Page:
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military. they believe they are guardians of the nation. >> paul: what should the u.s. role here be? they seem to have been caught by surprise, frankly, that this was happening. what should they do now? >> well, i don't think barack obama is waiting on me to tell him what he should do. >> paul: no. i think he probably got better advice than he might be getting from the cia, for example. >> we know from the senate intelligence committee they are now underscoring that we didn't read this country right. it's hard to read countries. it's hard to read the mysteries of countries. each the egyptians could never tell that a young man would set himself ablaze in tunisia and the fire and the controversy and the dispute would reach egypt. we haven't done well with egypt, reading egypt. i mean. it's a fact of life but it's very difficult to read distant lands anyway. >> paul: what should the policy be now working behind the scenes to promote a transition, speaking more publicly than we have? >> i think we have done one
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thing well. that's essential to this equation. we have in fact, made sure that the army doesn't go for a massive crackdown. >> right. >> paul: urging that. >> absolutely. in fact, the big difference between iran in the summer of 2009 and egypt right now is the fact that iran was not in our field of influence, that and egypt is in our field of influence. and the kid gloves treatment, if you will, that restraint of the army and police of the mubarak has something to do they are under the gaze of america and the officer corps of the egyptian army which is reliant on american training and american weapons and american economic and military aid does not want to break the bonds with the united states. >> paul: one more question for we don't have a lot of time. but the freedom agenda of george w. bush, is this uprising a vindication of his policy. >> he is a modest man as we know. he is in comfortable retirement. but he can definitely claim
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paternity. here is we are right now. one despot fell in 2003. we decapitated him. two despots in egypt and tunisia fell. direct connection between happened in iraq in 2003 and what is happening in the rest of the arab world. >> paul: thanks so much for being here. more on the crisis in egypt when we come back. the obama administration is backing off its initial support of hosni mubarak. but should we help push him out? our panel debate after the break.
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>> i urge the government and a broad and credible representation of egypt option civil society, and political factions to begin immediately serious negotiations on a peaceful and orderly transition. >> that was secretary of state hillary clinton on thursday calling for an orderly and speedy transition of power in egypt. we're back with more on the crisis there. joining the panel this week "wall street journal" columnist and deputy editor dan hen gear. matt commence ski and mary o-grady. behind the scenes saying to mubarak time to go. is that the right policy it? >> is time for him to go. i think that's been clear for the last few days.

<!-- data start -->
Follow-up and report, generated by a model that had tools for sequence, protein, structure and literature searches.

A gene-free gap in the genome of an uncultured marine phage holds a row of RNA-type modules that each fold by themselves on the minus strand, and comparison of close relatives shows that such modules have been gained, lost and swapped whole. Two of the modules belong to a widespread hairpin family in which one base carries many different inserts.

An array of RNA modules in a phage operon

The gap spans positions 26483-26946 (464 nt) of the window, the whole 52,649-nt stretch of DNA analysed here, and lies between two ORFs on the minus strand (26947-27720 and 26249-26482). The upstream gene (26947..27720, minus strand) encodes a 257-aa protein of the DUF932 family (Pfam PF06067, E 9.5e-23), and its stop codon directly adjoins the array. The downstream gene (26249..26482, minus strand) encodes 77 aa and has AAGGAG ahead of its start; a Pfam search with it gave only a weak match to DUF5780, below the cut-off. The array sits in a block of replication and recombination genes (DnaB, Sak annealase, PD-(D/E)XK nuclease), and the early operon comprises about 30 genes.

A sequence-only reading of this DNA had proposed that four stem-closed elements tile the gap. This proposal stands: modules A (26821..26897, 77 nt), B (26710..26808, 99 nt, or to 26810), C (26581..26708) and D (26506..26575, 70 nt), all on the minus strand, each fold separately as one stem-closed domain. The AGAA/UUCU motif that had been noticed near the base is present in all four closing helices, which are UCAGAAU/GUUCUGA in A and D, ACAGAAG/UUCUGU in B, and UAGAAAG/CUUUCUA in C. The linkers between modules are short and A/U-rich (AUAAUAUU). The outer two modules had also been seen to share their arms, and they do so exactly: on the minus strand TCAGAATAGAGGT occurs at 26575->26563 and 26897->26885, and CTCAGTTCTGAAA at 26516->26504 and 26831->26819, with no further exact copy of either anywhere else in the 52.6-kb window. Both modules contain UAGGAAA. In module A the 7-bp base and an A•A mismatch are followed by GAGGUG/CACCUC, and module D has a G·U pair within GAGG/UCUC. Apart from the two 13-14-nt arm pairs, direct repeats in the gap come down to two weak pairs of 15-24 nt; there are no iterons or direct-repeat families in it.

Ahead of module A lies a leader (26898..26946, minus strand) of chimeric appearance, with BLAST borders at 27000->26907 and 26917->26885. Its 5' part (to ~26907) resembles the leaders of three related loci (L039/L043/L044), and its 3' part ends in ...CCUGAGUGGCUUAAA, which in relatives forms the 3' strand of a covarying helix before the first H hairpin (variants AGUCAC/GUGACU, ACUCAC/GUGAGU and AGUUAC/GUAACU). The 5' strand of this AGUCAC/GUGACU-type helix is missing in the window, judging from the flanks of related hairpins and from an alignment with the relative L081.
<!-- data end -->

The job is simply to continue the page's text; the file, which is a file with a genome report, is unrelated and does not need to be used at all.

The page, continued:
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finally come around to a policy more engaged. it's a stham 2009 wouldn't interfere in affairs. smoother transition. not too late now -- what you are seeing now is a new consciousness in egypt about democracy. i think this should become somewhat optimistic that they can carry this out. >> paul: dan, what do you think. >> i pretty much agree with all of this with one caveat. i agree with what secretary clinton said with a speedy transition and matt as well. what i don't agree with and i think we should support the opposition wholeheartedly as an extension of the bush doctrine. what i don't agree with is that the united states should be seen publicly pushing mubarak out, allah the shaw in 1979. i think that's a mistake. >> why not? >> well, first of all, it will be seen as deposing him by every leader in that region. whatever we think that we do still have real interest there
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related to help on terror. >> paul: are you saying that we will be seen as portraying a long time ally and that message will be heard in jordan and saudi arabia and elsewhere? >> that's right. i think it will degrade our relationship with the intelligence services with those countries which help us in the anti-terror fight it does create real problems for israel as well. so, i'm saying support the opposition, let these events unfold imu but do not be seen as publicly opposing mubarak. >> i think the problem with the obama administration is that spent so much time saying we will not interfere for two years assaying and now very publicly going out and saying he has to go yesterday. and it actually would work out better if they did it the other way around. if they said very clearly "we will defend freedom all around the world." something like this happens, work behind the scenes to see if we can help in the transition. democracy is not just a bunch of people voting. it's institution. >> that one election one time. >> obviously the army is very much in charge here. and there is a lot of work that